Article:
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Published 3 years ago with 4 Comments

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  • Boudicca
    +6

    Thanks for that, very interesting :).

    One of the things I notice when travelling to other countries is how strange it can be to hear the sounds of wildlife but not have a picture in my head of what creature is making the sound until I have been there for a while and managed to sight the animal. Most notable of these, for me, is birdsong. I took for granted the familiarity of local birdsong and how I almost unconsciously would name the birds to myself as I heard their songs. The nightime warbling of magpies, wattlebirds chucking,kookaburras laughing, the call of migrating Carnaby cockatoos, all so familiar and identifiable. Then travelling to rural Ireland for example and being mystified in the early morning by the numerous different birdsongs and not feeling satisfied or settled until I had identified the owners of all the varied songs I was hearing.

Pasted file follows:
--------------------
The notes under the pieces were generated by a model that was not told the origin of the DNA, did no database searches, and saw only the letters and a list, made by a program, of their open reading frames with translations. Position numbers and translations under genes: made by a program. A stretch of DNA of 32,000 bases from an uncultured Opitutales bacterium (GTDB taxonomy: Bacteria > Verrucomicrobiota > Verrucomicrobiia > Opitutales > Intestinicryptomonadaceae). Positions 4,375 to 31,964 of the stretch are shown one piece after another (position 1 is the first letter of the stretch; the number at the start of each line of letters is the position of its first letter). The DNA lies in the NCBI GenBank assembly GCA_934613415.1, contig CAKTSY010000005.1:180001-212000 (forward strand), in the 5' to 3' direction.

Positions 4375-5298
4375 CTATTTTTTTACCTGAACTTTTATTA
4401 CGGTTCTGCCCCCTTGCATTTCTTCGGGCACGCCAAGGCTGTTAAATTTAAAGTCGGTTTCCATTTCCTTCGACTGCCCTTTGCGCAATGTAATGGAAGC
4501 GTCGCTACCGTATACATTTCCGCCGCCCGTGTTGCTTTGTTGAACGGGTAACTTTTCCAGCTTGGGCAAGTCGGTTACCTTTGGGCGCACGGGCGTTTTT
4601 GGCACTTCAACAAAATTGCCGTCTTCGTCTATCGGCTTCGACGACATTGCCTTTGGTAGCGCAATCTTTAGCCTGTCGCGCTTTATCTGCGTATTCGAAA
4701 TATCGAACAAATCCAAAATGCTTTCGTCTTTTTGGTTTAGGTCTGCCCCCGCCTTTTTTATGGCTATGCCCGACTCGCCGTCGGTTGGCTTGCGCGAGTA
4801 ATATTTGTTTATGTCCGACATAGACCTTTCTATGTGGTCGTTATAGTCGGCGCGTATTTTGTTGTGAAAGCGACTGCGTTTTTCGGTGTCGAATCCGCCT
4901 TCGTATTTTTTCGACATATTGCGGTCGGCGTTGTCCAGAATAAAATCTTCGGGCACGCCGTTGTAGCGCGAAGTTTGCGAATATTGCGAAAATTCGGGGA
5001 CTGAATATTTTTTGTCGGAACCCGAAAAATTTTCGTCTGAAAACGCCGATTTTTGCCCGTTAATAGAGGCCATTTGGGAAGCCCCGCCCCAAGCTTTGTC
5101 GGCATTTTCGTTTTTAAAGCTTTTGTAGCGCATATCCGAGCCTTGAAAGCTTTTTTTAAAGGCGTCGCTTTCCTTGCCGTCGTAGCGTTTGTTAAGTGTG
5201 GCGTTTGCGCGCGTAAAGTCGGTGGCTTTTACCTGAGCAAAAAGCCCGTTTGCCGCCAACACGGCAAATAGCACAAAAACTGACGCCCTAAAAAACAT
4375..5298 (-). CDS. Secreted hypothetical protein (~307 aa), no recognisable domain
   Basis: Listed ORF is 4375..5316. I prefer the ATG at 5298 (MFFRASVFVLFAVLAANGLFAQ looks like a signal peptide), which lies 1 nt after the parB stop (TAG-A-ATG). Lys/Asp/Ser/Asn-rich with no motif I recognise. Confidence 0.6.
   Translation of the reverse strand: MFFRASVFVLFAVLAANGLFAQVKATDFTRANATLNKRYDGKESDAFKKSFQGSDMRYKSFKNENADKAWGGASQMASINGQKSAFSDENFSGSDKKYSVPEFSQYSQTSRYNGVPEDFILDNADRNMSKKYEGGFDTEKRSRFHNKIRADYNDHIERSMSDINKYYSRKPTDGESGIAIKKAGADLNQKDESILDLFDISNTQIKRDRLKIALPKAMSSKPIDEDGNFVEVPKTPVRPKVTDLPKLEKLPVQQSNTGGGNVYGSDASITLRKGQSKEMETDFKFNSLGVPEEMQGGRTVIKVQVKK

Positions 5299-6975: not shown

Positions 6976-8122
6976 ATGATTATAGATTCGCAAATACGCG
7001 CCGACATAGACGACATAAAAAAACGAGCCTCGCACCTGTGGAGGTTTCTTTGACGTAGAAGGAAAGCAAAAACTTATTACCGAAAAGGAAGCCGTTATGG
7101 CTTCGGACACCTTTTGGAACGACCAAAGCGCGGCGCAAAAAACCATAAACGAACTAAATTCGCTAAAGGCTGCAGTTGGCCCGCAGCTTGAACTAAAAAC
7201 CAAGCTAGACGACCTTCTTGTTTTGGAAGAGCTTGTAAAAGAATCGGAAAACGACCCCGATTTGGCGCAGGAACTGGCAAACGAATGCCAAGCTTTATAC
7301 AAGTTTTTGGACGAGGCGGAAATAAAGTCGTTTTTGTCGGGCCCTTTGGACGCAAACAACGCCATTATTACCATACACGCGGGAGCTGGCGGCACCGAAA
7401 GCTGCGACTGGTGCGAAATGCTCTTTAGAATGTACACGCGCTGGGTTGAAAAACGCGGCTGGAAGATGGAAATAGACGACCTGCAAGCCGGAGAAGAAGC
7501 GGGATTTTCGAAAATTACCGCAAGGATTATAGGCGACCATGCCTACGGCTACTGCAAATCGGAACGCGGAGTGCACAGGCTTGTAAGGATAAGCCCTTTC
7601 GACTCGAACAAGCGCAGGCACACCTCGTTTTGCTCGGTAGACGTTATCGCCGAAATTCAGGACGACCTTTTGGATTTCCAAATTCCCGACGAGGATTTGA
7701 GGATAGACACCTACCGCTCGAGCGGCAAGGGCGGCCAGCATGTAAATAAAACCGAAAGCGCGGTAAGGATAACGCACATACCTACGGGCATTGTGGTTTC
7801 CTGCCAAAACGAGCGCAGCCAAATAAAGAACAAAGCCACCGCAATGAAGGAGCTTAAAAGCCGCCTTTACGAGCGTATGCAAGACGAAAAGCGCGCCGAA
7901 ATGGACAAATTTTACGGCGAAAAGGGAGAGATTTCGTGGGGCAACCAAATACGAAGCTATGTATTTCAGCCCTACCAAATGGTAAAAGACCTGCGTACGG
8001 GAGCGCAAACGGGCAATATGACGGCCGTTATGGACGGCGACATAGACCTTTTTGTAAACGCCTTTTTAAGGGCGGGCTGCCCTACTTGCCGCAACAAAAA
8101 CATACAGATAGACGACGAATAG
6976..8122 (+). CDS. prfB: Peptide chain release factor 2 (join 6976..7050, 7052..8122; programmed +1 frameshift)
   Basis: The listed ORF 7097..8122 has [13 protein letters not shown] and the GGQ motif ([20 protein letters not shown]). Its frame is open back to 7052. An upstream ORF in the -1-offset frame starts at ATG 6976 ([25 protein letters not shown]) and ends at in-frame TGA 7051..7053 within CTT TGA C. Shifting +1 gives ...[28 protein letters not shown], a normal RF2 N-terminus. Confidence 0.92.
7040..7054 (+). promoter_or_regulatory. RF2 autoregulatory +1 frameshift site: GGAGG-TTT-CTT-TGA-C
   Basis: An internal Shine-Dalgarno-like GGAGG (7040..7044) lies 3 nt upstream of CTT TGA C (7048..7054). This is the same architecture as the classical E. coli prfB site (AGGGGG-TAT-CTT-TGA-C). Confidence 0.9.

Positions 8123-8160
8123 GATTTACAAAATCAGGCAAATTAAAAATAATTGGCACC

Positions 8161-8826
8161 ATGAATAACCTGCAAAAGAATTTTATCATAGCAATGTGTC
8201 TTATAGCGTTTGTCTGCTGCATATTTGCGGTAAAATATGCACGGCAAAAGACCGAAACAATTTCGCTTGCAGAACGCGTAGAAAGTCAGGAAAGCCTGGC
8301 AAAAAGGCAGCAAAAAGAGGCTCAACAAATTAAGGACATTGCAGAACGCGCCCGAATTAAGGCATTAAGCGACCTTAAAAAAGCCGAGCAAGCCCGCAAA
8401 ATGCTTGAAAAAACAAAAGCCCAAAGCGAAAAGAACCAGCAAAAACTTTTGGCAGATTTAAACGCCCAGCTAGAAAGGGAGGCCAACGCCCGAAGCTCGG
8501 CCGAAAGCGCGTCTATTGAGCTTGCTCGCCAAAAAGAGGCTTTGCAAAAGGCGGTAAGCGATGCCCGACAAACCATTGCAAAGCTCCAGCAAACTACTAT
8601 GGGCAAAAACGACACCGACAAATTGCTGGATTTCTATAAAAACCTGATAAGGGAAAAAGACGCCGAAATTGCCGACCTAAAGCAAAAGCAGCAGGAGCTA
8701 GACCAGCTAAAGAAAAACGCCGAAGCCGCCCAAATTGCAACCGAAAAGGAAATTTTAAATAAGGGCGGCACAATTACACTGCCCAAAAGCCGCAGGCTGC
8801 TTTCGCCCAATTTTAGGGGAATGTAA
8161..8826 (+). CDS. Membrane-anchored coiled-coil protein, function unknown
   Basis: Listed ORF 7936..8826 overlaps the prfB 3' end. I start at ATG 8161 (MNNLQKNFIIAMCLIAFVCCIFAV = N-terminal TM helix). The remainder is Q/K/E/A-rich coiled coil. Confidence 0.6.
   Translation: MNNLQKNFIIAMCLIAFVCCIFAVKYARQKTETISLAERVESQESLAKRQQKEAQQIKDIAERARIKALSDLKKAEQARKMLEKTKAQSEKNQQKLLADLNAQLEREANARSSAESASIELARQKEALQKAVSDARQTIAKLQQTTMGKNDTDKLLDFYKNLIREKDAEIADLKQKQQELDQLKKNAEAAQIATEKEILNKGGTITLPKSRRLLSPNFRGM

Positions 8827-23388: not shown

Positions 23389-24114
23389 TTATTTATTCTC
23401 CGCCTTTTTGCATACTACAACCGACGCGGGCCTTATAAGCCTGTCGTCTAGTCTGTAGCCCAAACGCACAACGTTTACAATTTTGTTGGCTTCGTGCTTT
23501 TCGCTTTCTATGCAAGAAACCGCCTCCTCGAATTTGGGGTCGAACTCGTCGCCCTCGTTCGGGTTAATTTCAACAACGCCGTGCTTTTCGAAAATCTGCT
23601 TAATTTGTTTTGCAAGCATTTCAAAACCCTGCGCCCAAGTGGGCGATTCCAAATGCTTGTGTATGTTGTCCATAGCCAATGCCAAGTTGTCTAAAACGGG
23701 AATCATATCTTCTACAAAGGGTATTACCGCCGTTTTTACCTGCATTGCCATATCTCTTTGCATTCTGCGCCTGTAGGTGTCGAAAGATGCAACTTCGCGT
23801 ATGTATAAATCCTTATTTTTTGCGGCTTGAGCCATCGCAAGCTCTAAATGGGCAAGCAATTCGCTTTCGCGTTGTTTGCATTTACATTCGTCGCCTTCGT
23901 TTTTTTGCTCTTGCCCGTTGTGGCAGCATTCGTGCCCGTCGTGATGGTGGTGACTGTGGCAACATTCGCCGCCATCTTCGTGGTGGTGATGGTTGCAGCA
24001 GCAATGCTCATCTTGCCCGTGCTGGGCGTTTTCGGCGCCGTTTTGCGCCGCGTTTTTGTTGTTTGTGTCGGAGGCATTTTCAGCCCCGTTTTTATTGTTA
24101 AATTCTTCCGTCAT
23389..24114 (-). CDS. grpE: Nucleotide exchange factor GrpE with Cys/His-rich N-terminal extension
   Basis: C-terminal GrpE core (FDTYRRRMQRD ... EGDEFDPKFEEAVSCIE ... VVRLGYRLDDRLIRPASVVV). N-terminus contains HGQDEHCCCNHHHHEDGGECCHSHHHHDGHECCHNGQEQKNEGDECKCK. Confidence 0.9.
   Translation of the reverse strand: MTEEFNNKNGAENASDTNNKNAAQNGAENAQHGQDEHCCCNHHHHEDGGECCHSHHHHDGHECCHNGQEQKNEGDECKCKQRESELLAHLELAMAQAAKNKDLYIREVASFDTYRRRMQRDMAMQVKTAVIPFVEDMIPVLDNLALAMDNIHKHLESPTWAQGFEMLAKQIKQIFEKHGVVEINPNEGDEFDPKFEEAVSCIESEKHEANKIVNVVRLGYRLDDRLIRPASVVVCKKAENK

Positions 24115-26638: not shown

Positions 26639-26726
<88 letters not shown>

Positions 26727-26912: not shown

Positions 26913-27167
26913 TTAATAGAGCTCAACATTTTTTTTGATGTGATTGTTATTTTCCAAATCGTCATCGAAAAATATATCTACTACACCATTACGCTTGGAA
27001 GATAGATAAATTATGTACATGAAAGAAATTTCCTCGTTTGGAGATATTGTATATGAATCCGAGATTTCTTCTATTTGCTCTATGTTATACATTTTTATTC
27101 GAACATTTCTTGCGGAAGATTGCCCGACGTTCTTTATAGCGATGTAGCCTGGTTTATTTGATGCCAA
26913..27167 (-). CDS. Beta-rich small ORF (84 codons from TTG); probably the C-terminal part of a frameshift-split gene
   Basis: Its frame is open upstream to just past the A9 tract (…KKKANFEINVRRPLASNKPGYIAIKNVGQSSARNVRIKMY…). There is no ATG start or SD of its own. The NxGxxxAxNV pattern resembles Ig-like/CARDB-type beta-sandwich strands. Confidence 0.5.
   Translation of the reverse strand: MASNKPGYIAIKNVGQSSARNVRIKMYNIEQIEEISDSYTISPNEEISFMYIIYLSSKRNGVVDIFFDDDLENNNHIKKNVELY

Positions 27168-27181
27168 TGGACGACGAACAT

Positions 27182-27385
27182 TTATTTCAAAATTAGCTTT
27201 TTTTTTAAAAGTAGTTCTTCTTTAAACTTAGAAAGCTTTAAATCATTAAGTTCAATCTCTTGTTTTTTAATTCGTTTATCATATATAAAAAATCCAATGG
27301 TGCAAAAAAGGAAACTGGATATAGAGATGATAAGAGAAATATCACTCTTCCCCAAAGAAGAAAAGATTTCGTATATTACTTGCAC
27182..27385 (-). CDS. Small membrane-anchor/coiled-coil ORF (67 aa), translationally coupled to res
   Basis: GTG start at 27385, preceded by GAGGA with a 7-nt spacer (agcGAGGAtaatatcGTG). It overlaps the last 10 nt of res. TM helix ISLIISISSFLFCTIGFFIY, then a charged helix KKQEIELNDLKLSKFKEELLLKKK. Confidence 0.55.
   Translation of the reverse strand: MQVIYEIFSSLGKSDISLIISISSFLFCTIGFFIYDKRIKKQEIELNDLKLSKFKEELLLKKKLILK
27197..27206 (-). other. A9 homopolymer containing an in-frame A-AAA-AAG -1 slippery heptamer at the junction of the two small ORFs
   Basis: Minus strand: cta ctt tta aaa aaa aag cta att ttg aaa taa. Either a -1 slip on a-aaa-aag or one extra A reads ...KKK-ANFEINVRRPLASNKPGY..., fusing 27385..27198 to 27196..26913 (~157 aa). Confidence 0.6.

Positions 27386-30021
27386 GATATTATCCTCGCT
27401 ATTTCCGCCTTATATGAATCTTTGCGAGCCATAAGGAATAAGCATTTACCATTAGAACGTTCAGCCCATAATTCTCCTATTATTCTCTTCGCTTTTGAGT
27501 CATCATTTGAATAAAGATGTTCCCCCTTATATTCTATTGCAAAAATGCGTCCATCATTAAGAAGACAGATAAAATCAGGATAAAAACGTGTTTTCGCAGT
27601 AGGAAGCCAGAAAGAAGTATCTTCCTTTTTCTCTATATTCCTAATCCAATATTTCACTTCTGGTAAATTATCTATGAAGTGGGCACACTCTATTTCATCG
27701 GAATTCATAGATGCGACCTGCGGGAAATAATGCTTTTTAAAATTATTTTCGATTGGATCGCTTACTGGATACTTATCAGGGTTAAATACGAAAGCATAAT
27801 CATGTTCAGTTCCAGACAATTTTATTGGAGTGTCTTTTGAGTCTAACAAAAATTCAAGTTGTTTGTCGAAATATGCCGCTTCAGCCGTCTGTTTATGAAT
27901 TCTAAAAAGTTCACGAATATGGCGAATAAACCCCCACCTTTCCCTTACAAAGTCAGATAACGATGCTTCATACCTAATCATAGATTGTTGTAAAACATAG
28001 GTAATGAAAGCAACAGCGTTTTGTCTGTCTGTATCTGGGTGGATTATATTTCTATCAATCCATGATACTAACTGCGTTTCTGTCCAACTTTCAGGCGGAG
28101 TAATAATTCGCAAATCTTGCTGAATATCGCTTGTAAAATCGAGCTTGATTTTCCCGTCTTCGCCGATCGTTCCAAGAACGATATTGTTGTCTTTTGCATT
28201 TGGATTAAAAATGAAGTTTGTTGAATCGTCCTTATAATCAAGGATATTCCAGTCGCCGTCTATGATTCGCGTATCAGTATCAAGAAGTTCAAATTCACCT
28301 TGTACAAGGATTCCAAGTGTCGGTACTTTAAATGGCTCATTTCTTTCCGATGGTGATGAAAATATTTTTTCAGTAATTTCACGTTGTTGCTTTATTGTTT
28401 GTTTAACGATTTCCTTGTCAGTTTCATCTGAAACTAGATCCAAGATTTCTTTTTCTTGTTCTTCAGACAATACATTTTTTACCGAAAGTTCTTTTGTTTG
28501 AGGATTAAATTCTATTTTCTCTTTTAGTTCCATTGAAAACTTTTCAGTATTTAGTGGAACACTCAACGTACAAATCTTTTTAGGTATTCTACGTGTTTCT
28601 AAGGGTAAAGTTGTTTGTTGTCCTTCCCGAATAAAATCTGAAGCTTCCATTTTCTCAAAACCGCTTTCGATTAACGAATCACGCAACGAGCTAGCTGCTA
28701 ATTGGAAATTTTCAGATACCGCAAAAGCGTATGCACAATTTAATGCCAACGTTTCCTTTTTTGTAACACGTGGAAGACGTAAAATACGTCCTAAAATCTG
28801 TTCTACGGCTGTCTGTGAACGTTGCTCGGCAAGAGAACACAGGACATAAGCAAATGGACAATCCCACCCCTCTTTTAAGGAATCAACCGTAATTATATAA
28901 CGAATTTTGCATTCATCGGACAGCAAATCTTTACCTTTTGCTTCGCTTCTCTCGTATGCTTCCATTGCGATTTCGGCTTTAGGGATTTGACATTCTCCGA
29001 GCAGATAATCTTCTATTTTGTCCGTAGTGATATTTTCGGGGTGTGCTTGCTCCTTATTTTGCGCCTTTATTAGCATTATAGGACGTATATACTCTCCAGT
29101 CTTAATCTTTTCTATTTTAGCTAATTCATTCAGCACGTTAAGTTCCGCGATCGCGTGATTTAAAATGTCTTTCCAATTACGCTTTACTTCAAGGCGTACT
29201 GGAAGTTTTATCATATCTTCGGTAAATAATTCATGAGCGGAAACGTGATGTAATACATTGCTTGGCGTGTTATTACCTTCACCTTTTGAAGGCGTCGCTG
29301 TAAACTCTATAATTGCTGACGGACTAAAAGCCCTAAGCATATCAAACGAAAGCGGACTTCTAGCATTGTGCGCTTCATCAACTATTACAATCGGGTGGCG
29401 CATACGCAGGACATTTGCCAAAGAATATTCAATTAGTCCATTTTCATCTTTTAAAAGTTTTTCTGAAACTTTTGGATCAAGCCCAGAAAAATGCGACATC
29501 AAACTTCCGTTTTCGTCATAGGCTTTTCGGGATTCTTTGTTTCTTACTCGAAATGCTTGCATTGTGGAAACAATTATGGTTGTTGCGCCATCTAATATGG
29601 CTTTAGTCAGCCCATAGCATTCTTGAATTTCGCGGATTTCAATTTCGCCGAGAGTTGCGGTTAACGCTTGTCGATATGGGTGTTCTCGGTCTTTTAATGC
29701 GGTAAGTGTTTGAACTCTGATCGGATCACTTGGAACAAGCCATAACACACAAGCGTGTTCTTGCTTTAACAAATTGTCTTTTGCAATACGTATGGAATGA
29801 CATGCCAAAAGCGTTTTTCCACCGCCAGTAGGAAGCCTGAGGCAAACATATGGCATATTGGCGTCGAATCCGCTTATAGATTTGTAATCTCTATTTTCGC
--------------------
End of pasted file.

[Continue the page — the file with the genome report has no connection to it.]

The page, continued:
• Gozzin (edited 3 years ago)
    +3

    A...I know these calls well. However,I had no clue squirrels wee in on it. Excellent story!

    • jcscher
      +2

      I have always been suspicious squirrels did this,but now I am sure.

  • b1ackbird
    +3

    Greene and Parker are typical of many close listeners; they studied nature, and learned to hear the world as other animals do. The world they discovered is in a constant state of negotiation — across species, through the ocean and the forests — everywhere there's life.

    What a wonderful article. I really love that statement though. Everywhere there is life, there is negotiation. Balance reigns.

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